Education, Certification, Accreditation

The cornerstone of many professional membership organizations is professional education and certification.  Curriculum is developed, vetted by subject matter experts, and delivered either in person or online.  Continuing education keeps the member certified, and coming back for more education.  So what are the learning assets exactly?  The curriculum you used to develop your certification program was probably written and reviewed by the same type of subject matter experts who speak at your annual meetings, and conduct webinars for your membership.

By now you should start to see the benefits of combining resources to produce learning activities. But, there is even more!

Member Benefits

In the end analysis, it is really about member benefits, and providing value for a widely dispersed membership can be a challenge.  But it cannot be ignored.  Professionals learn from one another.  It is a basic premise of adult learning theory.  It makes sense to provide peer-to-peer learning opportunities.

To accomplish this in person, regional chapters might gather over lunches to learn from one another and local experts.  In some cases, an online community of practice is established to provide collaboration and discussion for members with similar interests.  Like an interactive library, these online communities contain rich resources, passed on from member to member, creating extraordinary value for the membership.  And, of course, many of the resources found online come from past webinars, conventions, white papers and so forth.  In an ideal association-membership scenario, all the assets of the organization should be available to your membership in an organized system for easy retrieval.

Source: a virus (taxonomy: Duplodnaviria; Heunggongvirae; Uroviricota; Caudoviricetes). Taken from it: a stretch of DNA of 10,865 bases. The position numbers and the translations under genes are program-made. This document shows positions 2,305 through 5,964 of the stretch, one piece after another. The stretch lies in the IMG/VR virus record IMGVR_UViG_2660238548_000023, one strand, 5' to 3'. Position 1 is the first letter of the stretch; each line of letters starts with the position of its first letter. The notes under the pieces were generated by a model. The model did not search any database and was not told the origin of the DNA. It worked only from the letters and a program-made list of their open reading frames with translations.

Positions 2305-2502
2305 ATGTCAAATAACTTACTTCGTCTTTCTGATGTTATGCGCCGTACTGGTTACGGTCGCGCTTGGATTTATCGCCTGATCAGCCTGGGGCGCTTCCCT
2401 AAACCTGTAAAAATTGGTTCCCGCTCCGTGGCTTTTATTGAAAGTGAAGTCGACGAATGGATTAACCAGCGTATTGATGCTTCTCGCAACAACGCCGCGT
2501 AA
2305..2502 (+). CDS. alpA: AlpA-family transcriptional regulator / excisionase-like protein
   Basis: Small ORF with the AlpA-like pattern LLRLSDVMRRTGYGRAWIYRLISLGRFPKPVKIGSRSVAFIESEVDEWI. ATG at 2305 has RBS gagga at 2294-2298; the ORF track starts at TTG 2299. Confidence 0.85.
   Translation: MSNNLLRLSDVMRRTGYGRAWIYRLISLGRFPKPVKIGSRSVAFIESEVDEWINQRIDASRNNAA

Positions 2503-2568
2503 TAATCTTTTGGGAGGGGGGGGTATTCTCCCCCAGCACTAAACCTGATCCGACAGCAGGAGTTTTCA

Everything the association uses to educate members, from workshop curriculum, to PowerPoint slides are valuable assets of the organization.  All the mediums and sources used to transfer knowledge within the organization should be interconnected, and repurposed when possible.  They should come together to create a learning machine that produces value.

Take an inventory of all the various learning assets in your organization.  How many are not being offered to your members right now?  Is there a way you can gain monetary value from some of these assets?

Evaluate your education delivery systems, their functionality and how much they are costing annually. If you are using different platforms for your learning programs, and not repurposing your assets, you are likely wasting money and forfeiting a unified learner experience.

This is where iCohere 11 steps in.  iCohere is a unique, all-in-one “learning management system”.  It is set up in a modular fashion allowing associations to mix and match features for every department, and create all types of learning experiences. One of the tenets of our business is that you should be able to use all of these modules in many different ways, for a variety of programs, for your members and your extended enterprise. One platform, unlimited learning opportunities.  The unified learning system is the future of professional development.

Author: Valerie Whitcomb is a Senior Online Learning Consultant from iCohere.